Composition of voters for Germany's SPD by party identification. (Data: Politbarometer and Eurobarometer surveys; Figure: Johannes Karreth/The Monkey Cage)
Composition of voters for Germany’s SPD by party identification. (Data: Politbarometer and Eurobarometer surveys; Figure: Johannes Karreth/The Monkey Cage)

(2) The percentage of core supporters among Social Democratic voters increases again one or two elections after moderation. But core supporters are also increasingly more likely to abstain or cast their vote for another party one or two elections after the parties moved to the center. In other words, the data indicate that disheartened core voters abandoned these parties later on. This movement away from the parties likely contributed to the drop of each party’s electoral results in the mid-2000s, when the German SPD, Swedish SAP, and British Labour party all lost their previous majorities. Below, the figure shows this increase in abstentions and votes for other parties for the German SPD after the 1998 victory.

Vote choices (other than SPD) of German self-identified SPD supporters (Data: Politbarometer and Eurobarometer surveys; Figure: Johannes Karreth/The Monkey Cage)
Vote choices (other than SPD) of German self-identified SPD supporters (Data: Politbarometer and Eurobarometer surveys; Figure: Johannes Karreth/The Monkey Cage)

These trends indicate that although a move to the middle brought temporary electoral success for social democratic parties in the 1990s and early 2000s, these victories were built on unstable foundations in the political center and also demobilized core constituencies. This in turn explains, at least in part, the relatively weak electoral performances from this group of parties in the early 21st century.

Now, 18 years after New Labour’s landslide victory, the party is in its 5th year of soul-searching over how to position itself for tomorrow’s elections. Similar stories come from Germany, where the political economist Mark Blyth recently told 600 members of the SPD: “Your vote share isn’t going down because you are not shadowing the CDU enough. It is going down because if all you do is that, why should anyone vote for you at all?” In Sweden, the Social Democratic party also performed worse than expected in the 2014 general election.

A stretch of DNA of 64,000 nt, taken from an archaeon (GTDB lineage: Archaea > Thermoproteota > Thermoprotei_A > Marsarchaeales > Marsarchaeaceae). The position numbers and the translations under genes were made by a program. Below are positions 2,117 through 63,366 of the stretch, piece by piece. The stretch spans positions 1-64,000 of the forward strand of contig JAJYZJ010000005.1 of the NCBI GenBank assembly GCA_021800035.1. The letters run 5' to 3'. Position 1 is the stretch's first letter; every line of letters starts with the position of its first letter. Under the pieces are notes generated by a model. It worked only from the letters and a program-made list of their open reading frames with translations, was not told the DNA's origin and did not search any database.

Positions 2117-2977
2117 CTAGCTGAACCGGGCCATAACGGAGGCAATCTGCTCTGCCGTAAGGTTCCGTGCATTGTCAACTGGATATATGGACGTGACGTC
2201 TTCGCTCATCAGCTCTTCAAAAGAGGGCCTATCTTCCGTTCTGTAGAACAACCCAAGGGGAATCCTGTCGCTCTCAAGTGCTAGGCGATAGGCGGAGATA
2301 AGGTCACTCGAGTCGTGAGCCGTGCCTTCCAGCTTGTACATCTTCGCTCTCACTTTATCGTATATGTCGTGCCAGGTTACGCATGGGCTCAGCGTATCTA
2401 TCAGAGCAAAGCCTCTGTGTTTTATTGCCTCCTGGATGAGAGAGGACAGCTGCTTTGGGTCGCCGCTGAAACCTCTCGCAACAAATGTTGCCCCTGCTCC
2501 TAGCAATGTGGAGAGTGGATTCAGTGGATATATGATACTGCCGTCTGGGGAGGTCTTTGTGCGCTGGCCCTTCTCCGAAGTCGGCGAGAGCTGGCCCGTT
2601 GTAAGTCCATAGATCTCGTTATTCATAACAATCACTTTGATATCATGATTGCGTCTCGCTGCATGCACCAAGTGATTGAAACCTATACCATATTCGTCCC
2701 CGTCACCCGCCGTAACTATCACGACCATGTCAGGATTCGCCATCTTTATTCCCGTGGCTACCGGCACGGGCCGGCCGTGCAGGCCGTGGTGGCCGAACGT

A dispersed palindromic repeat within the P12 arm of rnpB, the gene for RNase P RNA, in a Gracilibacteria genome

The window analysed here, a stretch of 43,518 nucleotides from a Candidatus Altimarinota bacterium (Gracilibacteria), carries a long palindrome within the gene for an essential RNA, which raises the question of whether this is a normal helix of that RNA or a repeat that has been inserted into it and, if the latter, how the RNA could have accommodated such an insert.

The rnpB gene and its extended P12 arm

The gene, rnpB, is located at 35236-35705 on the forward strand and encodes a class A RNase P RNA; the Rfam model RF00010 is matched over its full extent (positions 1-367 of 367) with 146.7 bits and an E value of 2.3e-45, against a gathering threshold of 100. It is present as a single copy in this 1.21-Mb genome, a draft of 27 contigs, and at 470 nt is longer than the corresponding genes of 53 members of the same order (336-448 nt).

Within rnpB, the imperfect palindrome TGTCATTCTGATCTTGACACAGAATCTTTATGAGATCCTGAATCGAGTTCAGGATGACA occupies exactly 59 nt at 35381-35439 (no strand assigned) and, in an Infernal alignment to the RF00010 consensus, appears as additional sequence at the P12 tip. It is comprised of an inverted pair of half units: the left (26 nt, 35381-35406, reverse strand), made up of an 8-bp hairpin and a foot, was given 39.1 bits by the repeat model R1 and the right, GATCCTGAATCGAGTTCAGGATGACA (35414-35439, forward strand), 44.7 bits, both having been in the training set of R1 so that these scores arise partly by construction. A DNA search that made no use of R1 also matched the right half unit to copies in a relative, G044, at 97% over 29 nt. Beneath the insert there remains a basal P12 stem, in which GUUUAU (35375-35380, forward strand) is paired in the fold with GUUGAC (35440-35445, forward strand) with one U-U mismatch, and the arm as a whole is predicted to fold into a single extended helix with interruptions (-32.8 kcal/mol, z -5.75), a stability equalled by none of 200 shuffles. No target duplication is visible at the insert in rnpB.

More recent investigations support this interpretation. An analysis of swing Labour voters by Stephan Shakespeare, the founder of the polling firm Yougov, suggests that following conventional wisdom by aiming for the center may not be a winning strategy for Labour in May 2015, and that the party would be better served by pursuing a more distinctively left profile. A report by the German SPD’s Friedrich Ebert Foundation found that the SPD carries a weak image among voters and that the party does not offer any major distinctive features that would help attract voters either from the left or the center.

This issue is not only a concern for Social Democratic parties or their strategists. Recent research has found that policy convergence among the two major parties in Britain has diminished the representation of ideological diversity and decrease satisfaction with democracy among some British voters. This pattern might reproduce in voters in other European countries. The rise of more populist alternatives to traditional Social Democratic and center-left parties in the form of Syriza in Greece and Podemos in Spain is but one indication of this trend.

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Additional Monkey Cage coverage of 2015 British elections includes:

Personality will affect the British election results, but not the way you think it will…

What would Britain look like under Proportional Representation?

Four key developments to watch in the British election